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Redbubble launches fanart program for indie devs

Studio-curated collections generate revenues for artists and IP owners

Online art marketplace Redbubble has launched a programme of collaborations with indie game studios, helping them to curate collections of fan art based on their IP for sale on the company's website.

Redbubble's business model revolves around artists contributing designs of their own, which can then be printed as posters, on t-shirts, cushions, phone cases etc. When a customer buys an artist's print, they receive a cut of the sale price. With the new partnership, a select group of up and coming indies have been chosen to promote artists whose base designs on their games, with revenues divided between the studio and the artist themselves.

In the first round of curators are Armello developer League of Geeks, Crypt of the Necrodancer studio Brace Yourself Games, Free Lives Games with BroForce, 17Bit's GalakZ, and Redhook Games - creators of punishing RPG roguelike Darkest Dungeon. However, the company is already looking for more creators to join the program and curate their own collections.

"Our first criteria is we want to work with rights holder partners that are forward looking, and understand the new wave of creativity and remixing unleashed by the internet, like YouTube Let's Play videos," said Zezan Tam, Redbubble biz dev director. "We specifically targeted innovative independent game studios for this reason.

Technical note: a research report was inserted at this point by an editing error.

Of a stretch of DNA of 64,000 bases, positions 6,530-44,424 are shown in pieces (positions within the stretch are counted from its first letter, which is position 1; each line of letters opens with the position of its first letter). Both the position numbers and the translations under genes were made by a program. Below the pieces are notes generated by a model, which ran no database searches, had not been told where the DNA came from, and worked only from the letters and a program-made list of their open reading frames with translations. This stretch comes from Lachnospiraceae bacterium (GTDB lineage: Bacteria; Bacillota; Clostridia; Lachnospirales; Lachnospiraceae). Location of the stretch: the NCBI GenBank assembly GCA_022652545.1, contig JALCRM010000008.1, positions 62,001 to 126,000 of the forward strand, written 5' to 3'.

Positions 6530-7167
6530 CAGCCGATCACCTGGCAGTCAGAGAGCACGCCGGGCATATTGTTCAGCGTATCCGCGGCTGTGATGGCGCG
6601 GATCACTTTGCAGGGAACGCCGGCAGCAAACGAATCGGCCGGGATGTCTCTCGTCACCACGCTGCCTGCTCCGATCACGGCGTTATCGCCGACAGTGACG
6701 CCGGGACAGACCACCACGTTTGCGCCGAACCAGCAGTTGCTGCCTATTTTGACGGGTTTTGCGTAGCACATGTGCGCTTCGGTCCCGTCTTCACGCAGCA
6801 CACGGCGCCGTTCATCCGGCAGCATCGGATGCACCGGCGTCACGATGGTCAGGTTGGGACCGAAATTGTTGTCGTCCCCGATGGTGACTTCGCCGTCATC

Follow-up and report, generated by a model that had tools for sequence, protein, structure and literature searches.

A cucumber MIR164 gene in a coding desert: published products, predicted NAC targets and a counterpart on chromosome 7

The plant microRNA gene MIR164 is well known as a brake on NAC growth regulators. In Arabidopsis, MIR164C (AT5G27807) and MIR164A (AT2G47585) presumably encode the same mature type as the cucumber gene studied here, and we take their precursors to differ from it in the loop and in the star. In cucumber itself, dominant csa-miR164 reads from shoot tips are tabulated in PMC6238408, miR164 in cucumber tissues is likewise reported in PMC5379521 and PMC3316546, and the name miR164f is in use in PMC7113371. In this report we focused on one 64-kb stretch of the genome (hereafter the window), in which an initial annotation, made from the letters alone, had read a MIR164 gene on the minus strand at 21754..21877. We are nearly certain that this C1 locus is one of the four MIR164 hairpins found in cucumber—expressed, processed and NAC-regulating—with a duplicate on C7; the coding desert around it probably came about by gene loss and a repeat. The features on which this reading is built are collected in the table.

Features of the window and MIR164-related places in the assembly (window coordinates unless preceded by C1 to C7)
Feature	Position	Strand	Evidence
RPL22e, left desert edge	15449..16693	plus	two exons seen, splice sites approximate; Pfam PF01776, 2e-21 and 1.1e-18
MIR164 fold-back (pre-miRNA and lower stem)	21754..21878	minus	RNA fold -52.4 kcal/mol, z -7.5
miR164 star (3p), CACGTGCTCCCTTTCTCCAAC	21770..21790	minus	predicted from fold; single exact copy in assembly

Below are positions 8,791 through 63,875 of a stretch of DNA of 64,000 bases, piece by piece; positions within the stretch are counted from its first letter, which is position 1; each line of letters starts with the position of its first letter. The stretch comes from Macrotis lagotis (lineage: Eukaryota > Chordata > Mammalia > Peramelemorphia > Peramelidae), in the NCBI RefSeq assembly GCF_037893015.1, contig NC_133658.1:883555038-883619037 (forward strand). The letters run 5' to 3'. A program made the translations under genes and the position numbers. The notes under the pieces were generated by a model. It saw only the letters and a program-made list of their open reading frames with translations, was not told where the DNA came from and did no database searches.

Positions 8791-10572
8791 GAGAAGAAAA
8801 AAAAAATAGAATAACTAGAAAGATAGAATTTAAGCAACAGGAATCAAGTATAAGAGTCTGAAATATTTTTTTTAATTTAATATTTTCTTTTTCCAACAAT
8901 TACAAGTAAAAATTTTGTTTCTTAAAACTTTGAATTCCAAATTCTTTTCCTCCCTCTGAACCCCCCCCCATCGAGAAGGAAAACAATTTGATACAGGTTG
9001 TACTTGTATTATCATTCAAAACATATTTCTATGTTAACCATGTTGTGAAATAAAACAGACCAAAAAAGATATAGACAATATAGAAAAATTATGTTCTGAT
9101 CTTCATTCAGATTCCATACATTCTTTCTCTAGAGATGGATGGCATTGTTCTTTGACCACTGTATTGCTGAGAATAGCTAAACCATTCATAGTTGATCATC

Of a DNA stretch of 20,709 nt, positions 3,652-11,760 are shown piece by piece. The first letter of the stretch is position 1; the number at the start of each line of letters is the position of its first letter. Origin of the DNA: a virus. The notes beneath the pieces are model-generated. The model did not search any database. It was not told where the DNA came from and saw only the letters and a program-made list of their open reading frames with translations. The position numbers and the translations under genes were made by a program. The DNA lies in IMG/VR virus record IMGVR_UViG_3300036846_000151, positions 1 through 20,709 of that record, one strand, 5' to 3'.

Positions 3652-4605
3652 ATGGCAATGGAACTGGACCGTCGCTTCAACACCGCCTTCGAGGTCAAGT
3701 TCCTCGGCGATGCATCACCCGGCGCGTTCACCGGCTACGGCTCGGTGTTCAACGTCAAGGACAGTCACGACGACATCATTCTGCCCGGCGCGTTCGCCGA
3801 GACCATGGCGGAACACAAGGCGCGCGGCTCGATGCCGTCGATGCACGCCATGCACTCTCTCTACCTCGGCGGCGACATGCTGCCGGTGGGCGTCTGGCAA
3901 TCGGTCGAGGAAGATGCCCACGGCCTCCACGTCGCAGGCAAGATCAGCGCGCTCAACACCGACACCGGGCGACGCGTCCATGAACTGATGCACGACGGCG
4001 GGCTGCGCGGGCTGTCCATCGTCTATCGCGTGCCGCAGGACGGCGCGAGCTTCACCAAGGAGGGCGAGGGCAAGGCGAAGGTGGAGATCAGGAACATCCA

"It's also about fan passion. Independent game developers create some of the most innovative and captivating worlds in modern media with incredibly dedicated audiences, but the nature of being a busy independent developer means that merchandising is rarely a priority. Considering the almost turnkey art creation and merchandise capability that was already on Redbubble, I knew we had something great."

"Zezan approached us and we immediately saw the benefits not only for us and our community, but for indie developers around the world," said Trent Kusters, co-founder and director at League of Geeks. "Artists were already creating Armello fan art on the internet, so to direct it where it can be bought by our fans, get cut in on that profit and be able to put our stamp of approval on our favourite designs is phenomenal.

"At our scale, setting up a full range of merch just wasn't a reality, but Redbubble already have the range and the artist community."